You finally completed your comparison shopping and purchased that laptop computer you’ve been eyeing. But 2 days later, you see the exact same laptop advertised for less!
It can be frustrating to see those extra dollars fly right out the window. Sure, you could return the item and repurchase it… but that’s not always convenient or possible. What if you could just tell your credit card company the story, provide some documentation, and have them give you a refund for the difference in price?
Well, you can! It’s called price protection, and the coverage is offered free of charge on some credit cards. While most major credit card issuers and networks have removed this protection from their cards, there is still a small group of credit cards available that provide this complimentary coverage.
In this article, we’ll cover what price protection is, the best cards that have this coverage, and what you need to know to file a claim.
Let’s get started seeking out those credit cards that still offer the valuable price protection benefit.
Table of contents
Table of Contents
What Is Price Protection?
Unfortunately, price protection often gets confused with purchase protection, so we’ll start by explaining the difference between these 2 benefits:
- Purchase Protection: When you purchase an item with your credit card, coverage is provided for a specific number of days, usually 90 to 120. This protection typically reimburses the cost of repairs or refunds the cost of the item if it is damaged or stolen.
- Price Protection: Price protection simply reimburses you the difference in price if an item you purchased with your qualifying credit card is found for less. The price drop must occur within a specific period of time after the date of purchase, usually 60 to 120 days.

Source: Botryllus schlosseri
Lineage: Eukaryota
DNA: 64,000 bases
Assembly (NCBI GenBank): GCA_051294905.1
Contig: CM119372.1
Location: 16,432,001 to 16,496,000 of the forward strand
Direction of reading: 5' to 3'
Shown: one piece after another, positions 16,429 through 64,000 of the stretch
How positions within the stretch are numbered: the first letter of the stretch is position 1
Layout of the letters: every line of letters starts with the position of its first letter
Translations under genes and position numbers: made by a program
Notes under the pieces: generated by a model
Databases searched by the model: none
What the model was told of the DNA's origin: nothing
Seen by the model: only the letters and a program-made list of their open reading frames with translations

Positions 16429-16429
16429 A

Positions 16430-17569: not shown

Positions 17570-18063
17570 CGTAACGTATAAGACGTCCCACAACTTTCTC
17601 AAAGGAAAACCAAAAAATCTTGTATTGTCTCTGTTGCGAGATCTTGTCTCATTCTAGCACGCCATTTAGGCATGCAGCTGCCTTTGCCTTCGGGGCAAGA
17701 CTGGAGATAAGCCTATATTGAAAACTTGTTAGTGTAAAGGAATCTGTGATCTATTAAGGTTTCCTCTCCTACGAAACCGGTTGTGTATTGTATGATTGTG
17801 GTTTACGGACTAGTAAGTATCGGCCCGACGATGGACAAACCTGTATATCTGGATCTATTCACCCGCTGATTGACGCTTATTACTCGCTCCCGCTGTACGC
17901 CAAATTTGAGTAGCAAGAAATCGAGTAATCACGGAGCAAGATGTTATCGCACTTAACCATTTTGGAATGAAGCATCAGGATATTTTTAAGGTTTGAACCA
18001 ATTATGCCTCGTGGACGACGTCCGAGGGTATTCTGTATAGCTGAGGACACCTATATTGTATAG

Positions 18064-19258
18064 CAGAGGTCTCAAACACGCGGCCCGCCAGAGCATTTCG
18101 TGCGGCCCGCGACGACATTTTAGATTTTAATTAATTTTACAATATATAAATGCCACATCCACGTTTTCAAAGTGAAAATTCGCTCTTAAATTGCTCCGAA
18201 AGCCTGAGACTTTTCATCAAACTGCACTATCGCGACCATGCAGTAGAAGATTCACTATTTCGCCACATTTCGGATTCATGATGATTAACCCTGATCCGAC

So with price protection, you’re really receiving peace of mind. If you purchase a qualifying item and the price goes down, you’ll be financially compensated for the difference.
This sounds like a valuable benefit — but it’s not always easy to find out if a credit card comes with price protection. You may have to dig deep into the benefits guide of a specific card to find if the coverage is offered.
Also, there are several credit card issuers like Discover and Citi that have completely eliminated the coverage. American Express rarely offers it, and Chase is not including the coverage on newly-issued cards such as its United-branded cards that previously had the coverage.
Let’s take a look at which credit cards do offer price protection and how you can utilize the coverage.
Capital One Credit Cards With Price Protection
While most major credit card issuers have removed price protection, you’ll still find it on several Capital One cards. Whether you have this benefit depends on the specific credit card you have and which network it’s affiliated with (e.g., Visa or Mastercard).
Let’s review the Capital One cards that do have this protection and the corresponding benefit details.
|Capital One Credit Card With Price Protection||Coverage Limits||Coverage Details||Examples of Excluded Items|
Submitting a Price Protection Claim to Capital One